The room was very small and basic. But it was immaculately clean! There wasn’t even a speck of dust under the bed.

The only issue is that is is located right on top of the Monoloco nightclub which operates 5 nights a week. For the first night it didn’t bother me. I was tired. And as I went to sleep I had a sore throat and could feel the onset of a sinus infection.

Sinus Infection to Fluid in the Lungs

The next day I had full on sinus infection. I only planned on staying in Antigua for 2 nights before heading into El Salvador. That wasn’t going to happen now. I booked another 3 nights at the hotel.

As the days went on my sinus infection migrated into my lungs. This is a problem for me as I am susceptible to pneumonia. I upped my normal meds to combat it and went to the pharmacy to get some amoxicillin.

The 3 nights passed and I still had fluid in my lungs. I booked another 3 nights. Eventually it started to break. In all I spent 2 weeks in Antigua battling it. By the time I eventually left I still had some sinus infection but the fluid was gone from my lungs.

Antigua Routine

Antigua is not a bad place to be sick. It really does have most of the comforts of home. I didn’t have much motivation to do anything but I got into a nice relaxing routine.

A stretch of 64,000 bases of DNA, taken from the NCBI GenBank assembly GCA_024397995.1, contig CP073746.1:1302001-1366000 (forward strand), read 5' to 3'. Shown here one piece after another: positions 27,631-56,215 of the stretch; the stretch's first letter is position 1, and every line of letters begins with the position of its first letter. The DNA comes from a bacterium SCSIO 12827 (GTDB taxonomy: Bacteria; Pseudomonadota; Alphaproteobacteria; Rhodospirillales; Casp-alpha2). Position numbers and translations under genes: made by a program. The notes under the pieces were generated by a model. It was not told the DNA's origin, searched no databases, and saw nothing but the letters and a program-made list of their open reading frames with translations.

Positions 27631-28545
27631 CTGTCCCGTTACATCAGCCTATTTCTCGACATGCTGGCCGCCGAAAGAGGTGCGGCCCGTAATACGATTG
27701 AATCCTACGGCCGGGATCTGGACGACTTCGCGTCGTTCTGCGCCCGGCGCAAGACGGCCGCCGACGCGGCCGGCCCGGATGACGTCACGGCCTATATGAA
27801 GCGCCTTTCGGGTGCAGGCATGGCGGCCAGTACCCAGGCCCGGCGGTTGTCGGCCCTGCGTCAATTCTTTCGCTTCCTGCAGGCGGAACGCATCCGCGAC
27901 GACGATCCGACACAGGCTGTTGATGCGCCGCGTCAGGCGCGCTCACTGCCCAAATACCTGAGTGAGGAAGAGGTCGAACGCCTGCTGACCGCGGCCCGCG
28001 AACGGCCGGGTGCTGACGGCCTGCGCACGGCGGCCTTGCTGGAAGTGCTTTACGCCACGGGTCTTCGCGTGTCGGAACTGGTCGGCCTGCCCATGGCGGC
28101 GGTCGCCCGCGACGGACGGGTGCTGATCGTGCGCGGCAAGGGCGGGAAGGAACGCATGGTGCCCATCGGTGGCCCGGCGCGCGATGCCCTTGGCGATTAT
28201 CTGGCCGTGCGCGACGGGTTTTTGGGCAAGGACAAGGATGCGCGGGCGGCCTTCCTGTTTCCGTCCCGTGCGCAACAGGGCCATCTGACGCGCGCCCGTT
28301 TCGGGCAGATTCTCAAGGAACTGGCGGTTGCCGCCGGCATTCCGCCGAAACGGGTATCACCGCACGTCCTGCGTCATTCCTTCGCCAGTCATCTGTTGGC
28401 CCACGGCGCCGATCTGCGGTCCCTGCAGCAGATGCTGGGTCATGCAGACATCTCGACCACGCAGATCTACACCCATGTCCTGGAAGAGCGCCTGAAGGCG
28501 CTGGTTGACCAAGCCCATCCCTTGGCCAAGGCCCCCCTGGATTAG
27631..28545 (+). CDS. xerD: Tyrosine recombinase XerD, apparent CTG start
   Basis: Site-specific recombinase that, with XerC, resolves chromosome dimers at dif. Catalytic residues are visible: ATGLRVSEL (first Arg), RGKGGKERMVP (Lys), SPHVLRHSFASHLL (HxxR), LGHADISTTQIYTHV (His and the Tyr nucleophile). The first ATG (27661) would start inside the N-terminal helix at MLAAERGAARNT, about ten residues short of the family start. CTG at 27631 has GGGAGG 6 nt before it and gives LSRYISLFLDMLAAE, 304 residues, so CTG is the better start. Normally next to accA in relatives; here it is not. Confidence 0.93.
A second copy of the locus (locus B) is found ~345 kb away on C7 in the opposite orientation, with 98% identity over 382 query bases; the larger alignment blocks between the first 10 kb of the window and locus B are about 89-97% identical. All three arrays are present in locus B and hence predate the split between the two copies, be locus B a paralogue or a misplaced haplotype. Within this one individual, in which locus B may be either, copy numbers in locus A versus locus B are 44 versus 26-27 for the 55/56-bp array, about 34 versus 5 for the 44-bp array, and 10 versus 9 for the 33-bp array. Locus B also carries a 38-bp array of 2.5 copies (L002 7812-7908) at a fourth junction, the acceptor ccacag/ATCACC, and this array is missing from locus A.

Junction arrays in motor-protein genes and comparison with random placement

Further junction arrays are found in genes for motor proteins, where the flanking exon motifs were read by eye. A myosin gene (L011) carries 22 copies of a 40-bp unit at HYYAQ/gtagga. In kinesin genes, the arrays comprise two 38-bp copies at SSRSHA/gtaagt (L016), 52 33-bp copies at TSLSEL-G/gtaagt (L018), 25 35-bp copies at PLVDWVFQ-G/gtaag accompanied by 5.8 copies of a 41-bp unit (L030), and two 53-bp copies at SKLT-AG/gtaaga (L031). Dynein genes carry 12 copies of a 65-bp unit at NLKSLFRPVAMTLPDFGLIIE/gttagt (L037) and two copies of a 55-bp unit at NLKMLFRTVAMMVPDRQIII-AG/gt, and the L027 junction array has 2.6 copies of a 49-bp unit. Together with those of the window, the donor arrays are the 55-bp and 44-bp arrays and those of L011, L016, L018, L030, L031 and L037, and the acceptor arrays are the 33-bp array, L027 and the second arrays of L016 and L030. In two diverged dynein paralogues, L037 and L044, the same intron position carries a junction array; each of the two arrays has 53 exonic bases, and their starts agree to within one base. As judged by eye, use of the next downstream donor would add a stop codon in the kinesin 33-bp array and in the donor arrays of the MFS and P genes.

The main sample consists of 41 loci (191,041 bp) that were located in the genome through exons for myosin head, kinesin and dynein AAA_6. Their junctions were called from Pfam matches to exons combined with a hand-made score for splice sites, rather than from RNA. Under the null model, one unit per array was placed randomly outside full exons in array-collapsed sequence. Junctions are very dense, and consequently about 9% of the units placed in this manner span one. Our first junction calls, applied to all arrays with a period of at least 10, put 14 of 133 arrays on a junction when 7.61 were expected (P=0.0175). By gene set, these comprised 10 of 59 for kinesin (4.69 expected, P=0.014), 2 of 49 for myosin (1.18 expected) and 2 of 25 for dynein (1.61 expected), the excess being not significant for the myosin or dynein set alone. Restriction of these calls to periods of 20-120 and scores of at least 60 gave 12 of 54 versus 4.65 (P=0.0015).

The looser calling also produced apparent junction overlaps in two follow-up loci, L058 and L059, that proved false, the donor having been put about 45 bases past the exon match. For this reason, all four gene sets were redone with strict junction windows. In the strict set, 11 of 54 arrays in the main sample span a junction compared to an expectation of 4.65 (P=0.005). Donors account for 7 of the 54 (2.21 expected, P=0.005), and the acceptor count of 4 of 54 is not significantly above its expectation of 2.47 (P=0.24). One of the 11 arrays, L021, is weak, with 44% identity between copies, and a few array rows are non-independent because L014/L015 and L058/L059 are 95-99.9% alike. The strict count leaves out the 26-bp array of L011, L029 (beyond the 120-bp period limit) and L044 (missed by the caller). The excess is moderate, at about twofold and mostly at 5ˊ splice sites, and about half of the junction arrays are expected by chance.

At about 9 am I would wake up and head to the & Cafe for coffee. The & had a really nice lounging chair that looked onto the main plaza.


The & Cafe is just to the right in the picture. And my hotel is just a block down the street. Great location.

I would sit there for a few hours with a coffee and later a smoothie, watching people, looking at Facebook, doing research for a project and basically zoning out.

Once in a while though someone would sit next to me and we would strike up a conversation.

By the afternoon it was time for a rest back at the hotel. I would just lay down for a couple hours.

By 5 pm I was thinking about something to eat. My usual place was the Londoner.


The people were friendly, new my name ha ha, and the specials consisted of comfort food like Pork Chops with mashed potatoes, gravy, broccoli and carrots.

One day while I was there this guy with long thick hair down to his shoulder blades, wearing shorts with work boots showed up. He had a deep voice and was loud and boisterous. He knew everyone at the Londoner! Right away I knew who he was.